Mailinglist Archive: opensuse (1520 mails)

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Re: [opensuse] Linux Server Admins - Please Let Me Know Your Thoughts
On Mon, 03 Aug 2009 15:46:34 -0700, Sandy Drobic <opensuse@xxxxxxxxx> wrote:

There are lots of reasons why I have both in my company. I am using whatever
system fits the requirements best.

I should re-iterate this is at the desktop level. On my laptop I run Linux. they are trying to dictate to me that I should give compelling reasons why I need to deviate from the "standard" installation of Windows.

So far I have:

I feel that being an IT professional I should be able to utilize the tools that help me best perform in my working daily position. This should include but not limited to the Operating System that my machine (standard hardware) is running on. Now that my initial thought is out there, I'd like to pass on some reasonsings:

a.) My primary function is that of a Linux Administrator. Being on a Linux OS Based (Standard) Machine allows me to better and more productively support Linux servers since I am using native Linux applications like openSSH, and many other daily used tools.
b.) Continued growth in my profession. The Enterprise Linux Operating Systems use code that has been fully tested in Desktop and Community Supported versions of servers. Using these newer versions prior to being implemented into the server field allows me to understand their usage prior to implementing them in the enterprise space.
c.) Increased security and stability. Once of the simplest benefits of Open Source is to have increased security and reliability.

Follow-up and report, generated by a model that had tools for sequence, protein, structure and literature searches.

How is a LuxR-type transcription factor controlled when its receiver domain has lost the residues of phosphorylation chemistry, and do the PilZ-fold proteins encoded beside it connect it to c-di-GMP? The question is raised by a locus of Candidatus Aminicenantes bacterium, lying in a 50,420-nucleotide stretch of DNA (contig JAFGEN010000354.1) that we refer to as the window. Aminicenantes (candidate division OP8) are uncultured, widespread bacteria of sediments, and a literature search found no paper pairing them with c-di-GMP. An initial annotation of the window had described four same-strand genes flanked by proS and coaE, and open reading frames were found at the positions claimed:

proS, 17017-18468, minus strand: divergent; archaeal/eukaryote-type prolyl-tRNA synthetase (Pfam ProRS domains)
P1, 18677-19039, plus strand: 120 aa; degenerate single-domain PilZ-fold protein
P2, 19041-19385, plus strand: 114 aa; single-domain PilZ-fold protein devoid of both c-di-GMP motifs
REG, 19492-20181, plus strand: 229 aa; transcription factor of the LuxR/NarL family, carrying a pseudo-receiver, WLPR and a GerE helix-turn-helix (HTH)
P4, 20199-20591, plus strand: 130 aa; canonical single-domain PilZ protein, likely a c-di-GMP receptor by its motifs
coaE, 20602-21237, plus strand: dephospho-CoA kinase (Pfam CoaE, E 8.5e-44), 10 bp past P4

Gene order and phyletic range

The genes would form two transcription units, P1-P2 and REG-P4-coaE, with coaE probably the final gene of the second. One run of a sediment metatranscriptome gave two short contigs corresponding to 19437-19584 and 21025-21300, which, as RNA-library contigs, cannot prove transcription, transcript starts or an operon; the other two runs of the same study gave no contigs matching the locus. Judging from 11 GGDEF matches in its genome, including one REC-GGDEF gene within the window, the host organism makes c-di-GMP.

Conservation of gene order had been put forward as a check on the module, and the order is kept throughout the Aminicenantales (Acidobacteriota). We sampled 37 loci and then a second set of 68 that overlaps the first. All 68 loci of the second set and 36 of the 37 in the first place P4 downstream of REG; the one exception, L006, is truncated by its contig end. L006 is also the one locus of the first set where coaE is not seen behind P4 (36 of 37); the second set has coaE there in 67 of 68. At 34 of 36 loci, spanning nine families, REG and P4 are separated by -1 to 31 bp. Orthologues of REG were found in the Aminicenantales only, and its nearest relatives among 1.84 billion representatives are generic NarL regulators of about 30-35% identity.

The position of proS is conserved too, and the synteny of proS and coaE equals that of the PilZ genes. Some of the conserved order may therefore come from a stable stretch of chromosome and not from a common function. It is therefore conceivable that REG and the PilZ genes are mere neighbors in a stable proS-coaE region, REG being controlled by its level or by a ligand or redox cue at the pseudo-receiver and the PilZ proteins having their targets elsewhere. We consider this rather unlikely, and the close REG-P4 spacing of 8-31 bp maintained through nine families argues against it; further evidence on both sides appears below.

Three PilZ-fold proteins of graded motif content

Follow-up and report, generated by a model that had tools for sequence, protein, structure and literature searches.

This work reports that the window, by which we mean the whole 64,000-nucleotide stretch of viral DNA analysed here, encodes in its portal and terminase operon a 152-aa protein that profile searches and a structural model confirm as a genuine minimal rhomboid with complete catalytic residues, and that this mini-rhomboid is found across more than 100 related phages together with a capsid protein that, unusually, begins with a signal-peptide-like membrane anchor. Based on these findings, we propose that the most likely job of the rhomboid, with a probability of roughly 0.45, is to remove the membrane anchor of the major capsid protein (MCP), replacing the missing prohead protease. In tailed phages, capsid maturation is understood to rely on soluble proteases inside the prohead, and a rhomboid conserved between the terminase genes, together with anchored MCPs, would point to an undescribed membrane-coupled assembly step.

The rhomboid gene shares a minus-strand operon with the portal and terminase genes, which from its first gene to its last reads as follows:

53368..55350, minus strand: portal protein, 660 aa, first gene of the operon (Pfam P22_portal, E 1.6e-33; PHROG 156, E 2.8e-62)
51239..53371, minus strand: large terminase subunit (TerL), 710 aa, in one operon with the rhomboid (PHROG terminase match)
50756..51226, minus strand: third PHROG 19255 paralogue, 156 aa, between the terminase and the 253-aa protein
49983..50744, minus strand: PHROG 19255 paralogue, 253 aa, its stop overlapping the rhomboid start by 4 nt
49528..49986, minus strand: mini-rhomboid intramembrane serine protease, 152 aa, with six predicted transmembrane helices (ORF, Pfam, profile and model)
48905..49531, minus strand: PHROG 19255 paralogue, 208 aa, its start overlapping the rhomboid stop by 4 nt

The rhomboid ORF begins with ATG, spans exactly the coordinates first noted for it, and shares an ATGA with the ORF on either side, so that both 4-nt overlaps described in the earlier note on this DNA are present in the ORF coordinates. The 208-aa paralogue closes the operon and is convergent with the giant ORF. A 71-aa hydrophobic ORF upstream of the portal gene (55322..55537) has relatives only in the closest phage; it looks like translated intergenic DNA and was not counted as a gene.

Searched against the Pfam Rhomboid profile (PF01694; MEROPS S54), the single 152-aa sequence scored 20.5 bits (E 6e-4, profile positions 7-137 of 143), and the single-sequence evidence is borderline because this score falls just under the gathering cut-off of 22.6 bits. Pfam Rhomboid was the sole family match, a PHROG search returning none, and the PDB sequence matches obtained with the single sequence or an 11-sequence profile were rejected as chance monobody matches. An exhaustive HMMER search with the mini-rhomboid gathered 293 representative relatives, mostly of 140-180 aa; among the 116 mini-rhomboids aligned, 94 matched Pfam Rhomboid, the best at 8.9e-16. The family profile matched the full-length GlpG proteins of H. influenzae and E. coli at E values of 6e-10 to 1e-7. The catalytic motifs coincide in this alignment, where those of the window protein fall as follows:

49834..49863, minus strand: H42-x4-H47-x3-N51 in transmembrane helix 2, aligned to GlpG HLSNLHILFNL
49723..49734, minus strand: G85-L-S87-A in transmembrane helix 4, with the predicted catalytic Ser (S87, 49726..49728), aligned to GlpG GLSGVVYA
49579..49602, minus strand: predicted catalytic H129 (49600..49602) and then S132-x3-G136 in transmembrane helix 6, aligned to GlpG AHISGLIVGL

d.) Re-itterate the point that being able to use native support tools which are not or very loosely avaiable for windows allows me to better support the servers I am responsible for.

Since we're going into standards I thought I'd speak more on general standards with Linux and Windows and not arbitrarily defined Bio-Rad Standards:

1.) Windows is NOT an ISO standard
2.) POSIX is an ISO standard for Operating Systems. GNU/Linux, with the right packages installed, is an implementation of this standard
3.) Single Unix Specifications (SUS) is a standard required of all UNIX operating systems. GNU/Linux, with the right packages installed, is an implementation of this standard
4.) Linux Standard Base (LSB) is a standard for Linux systems. GNU/Linux, with the right packages installed, is an implementation of this standard

Other instances of "Non-Standard" uses abroad:

Where does the dictating of standards to the supporting IT professionals stop? Do we require web developers to remove Opera, Firefox and Safari from their machines because they are not documentated as a standard? Or do we allow them to use it, as it's a vital tool to better do their development and support? Are we going to require Marcom to drop MAC OS because it's not a standard, but rather a better tool to better do their marketing jobs?

My point is allowing IT professionals who are self supportive should be allowed to use and install the tools necessary to do their daily functions at their prime productivity rates.

If you don't know what you want, you end up with a lot you don't. -Fight Club
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